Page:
I'm thinking of dropping my DC books.
I've started this opening paragraph a couple of times now, in an attempt to slow-build to this nagging thought I've had since writer Gail Simone's firing from Batgirl. I think David Brothers planted the seed , initially (he doesn't buy books from Marvel or DC), but boy has DC Comics really watered that seed, by giving off the stink of a negative, ruthless editorial office, churning through creatives as they're shoveled into a fiery furnace called "market share." There's a growing list of creators they've stepped on, pissed off, or pulled from books for no apparent reason, and all of it has happened in a very compressed time period. I could wag my finger when it was just Alan Moore they were crapping on, but now I feel like I should do something.
Did Karen Berger do something by stepping away from Vertigo? I wish I knew. But I'm faced with the only thing I can do, which is vote with my dollar. I'd be dropping Batman, Batman and Robin, Dial H, Swamp Thing, Animal Man, and New Guardians on a monthly basis (books that I really do enjoy), and leaving behind some I check in on infrequently, like Detective and Justice League Dark. It's not even a drop in a bucket to DC's bottom line - it's a molecule. What it would do is free up some cash for me to try some new stuff (Image is looking mighty good these days), and make me feel like I was taking some kind of a stand. But does that stand matter?
Marvel and DC are both owned by monster-sized corporations, and there's been some talk recently about how the comics themselves are seen as less of a revenue stream and more of a licensing research and development program. Single issues may not be making millions, but the toys, games, and movies that are based on those issues are making billions. That's just the way things are, and that's fine in a way because as long as the suits understand the potential value in comic book properties, then comic books, as a physical thing, get to stick around for a while longer.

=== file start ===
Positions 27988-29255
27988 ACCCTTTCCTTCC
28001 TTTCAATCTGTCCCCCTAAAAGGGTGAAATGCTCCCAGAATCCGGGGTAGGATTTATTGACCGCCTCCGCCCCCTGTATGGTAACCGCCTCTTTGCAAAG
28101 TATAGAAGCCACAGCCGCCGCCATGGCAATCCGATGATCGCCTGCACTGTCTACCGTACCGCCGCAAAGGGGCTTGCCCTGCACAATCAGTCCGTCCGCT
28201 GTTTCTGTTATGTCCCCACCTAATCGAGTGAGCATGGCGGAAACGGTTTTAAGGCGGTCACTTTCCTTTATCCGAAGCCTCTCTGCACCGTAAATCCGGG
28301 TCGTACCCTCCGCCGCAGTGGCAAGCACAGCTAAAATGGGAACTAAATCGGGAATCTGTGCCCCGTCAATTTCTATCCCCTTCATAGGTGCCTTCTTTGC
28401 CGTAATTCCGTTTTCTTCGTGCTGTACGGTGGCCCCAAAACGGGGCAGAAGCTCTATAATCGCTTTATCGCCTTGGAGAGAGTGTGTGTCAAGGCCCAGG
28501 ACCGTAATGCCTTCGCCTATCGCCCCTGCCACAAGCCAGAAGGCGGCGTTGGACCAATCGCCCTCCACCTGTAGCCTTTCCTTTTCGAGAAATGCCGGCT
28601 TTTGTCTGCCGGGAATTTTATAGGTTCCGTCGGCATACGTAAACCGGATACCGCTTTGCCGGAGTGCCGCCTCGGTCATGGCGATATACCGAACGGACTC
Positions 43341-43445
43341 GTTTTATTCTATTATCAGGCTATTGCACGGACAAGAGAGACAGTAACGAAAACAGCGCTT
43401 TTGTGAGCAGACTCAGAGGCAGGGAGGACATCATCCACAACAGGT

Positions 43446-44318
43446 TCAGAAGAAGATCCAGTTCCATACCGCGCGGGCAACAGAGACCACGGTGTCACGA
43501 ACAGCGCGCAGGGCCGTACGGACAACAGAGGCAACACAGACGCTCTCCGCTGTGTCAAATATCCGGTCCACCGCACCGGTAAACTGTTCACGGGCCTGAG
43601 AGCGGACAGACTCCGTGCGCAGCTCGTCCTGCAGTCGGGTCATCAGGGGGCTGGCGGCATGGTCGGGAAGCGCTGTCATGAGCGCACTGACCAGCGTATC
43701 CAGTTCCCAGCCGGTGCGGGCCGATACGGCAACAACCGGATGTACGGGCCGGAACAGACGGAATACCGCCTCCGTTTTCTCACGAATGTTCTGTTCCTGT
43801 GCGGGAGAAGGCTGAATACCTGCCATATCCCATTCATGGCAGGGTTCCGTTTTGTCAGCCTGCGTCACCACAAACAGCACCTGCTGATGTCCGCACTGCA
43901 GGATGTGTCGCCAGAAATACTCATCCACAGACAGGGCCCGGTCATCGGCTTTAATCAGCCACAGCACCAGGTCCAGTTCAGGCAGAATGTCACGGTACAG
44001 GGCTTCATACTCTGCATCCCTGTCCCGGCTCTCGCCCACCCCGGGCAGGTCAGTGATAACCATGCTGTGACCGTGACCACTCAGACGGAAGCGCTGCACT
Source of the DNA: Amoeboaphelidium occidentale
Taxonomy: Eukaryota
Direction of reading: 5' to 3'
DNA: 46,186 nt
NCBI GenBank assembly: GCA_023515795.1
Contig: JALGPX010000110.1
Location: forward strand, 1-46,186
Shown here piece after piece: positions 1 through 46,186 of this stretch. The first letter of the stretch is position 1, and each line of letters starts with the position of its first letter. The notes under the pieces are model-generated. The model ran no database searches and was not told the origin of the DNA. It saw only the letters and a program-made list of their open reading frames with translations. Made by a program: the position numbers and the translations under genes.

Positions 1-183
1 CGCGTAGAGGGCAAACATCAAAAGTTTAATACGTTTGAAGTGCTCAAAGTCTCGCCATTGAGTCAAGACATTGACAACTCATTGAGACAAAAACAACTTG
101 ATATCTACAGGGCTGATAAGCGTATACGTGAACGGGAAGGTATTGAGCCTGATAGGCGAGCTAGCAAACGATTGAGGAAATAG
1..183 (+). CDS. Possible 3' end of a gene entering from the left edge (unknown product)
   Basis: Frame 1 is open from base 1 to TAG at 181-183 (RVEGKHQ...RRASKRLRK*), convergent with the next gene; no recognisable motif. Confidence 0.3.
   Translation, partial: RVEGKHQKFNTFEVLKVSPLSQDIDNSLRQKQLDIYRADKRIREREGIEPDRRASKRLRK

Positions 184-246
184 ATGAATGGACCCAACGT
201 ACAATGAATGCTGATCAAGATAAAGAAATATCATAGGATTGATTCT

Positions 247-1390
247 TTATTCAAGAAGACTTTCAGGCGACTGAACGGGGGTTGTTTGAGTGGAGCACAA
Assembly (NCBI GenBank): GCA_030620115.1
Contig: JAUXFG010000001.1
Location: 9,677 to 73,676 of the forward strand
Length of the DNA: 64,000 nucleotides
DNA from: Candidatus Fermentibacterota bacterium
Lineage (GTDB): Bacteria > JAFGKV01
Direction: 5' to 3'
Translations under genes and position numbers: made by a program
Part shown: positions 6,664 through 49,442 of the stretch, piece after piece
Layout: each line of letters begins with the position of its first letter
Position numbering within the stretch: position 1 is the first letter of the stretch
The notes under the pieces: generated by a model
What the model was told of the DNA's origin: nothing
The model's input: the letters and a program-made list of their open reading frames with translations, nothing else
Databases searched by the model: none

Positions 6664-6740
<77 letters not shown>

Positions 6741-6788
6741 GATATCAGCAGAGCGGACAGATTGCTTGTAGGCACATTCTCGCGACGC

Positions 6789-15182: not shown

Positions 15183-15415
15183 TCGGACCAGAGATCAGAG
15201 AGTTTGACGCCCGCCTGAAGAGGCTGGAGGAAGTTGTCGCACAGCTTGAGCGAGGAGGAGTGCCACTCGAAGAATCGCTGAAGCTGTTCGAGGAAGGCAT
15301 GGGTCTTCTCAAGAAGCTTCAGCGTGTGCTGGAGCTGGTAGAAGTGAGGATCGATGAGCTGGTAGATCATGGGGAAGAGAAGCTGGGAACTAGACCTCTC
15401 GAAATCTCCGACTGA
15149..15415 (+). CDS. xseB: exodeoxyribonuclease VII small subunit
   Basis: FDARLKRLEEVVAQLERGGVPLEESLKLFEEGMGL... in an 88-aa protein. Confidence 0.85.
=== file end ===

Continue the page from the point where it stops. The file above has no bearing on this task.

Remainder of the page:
But there are different vibes coming from the Big Two. DC's New52 has been a revolving door of creatives, with only a core group of titles maintaining any kind of sales stability or creative synergy. The properties come first and they keep mixing and matching people on books in the hopes of stopping the bleeding from a market that just can't support 52 monthly best-sellers from one single company. There are low rumblings of employee paranoia and constant editorial meddling, and it creates a sense of distrust between the brand and the consumer.
Marvel NOW's relaunch was built around shake-ups too, but in a way that put the creatives over the characters. The gimmick was largely "you've never seen this person do this book in this way before" and it's paying off. The company has been energized by the new books, and each one pushes its creative team and core concept over whatever character happens to have their name on the cover. Marvel's made mistakes in the past with creators, but, right now, they're placing value on creators as if they're borrowing philosophy from Vidal Sassoon - "If you don't look good, we don't look good."
Sometimes there's not a single bad guy; sometimes the wrong mix of otherwise good guys can end up just being bad alchemy. Maybe no one is really leading, leaving upstart editors to blame. Maybe everyone is out of their element under the new president, Diane Nelson (whose background, and this is telling, is in brand management, not comics). Maybe everyone is feeling pressure from Warners to make everything they touch into potential box office gold. I really have no idea, but something's up.
I'm not a partisan fan. I love DC characters and there are runs on their books that I consider all-time favorites. I want to continue to love DC, but I can't watch anything I love go out of control, hurting others, behaving recklessly. It hurts. DC Comics and I might need to take some time off from each other - not a total break-up, but a trial separation.
Am I being reactionary or short-sighted? Is it stupid to give up books that I enjoy from a company that's going through turmoil? What's your take?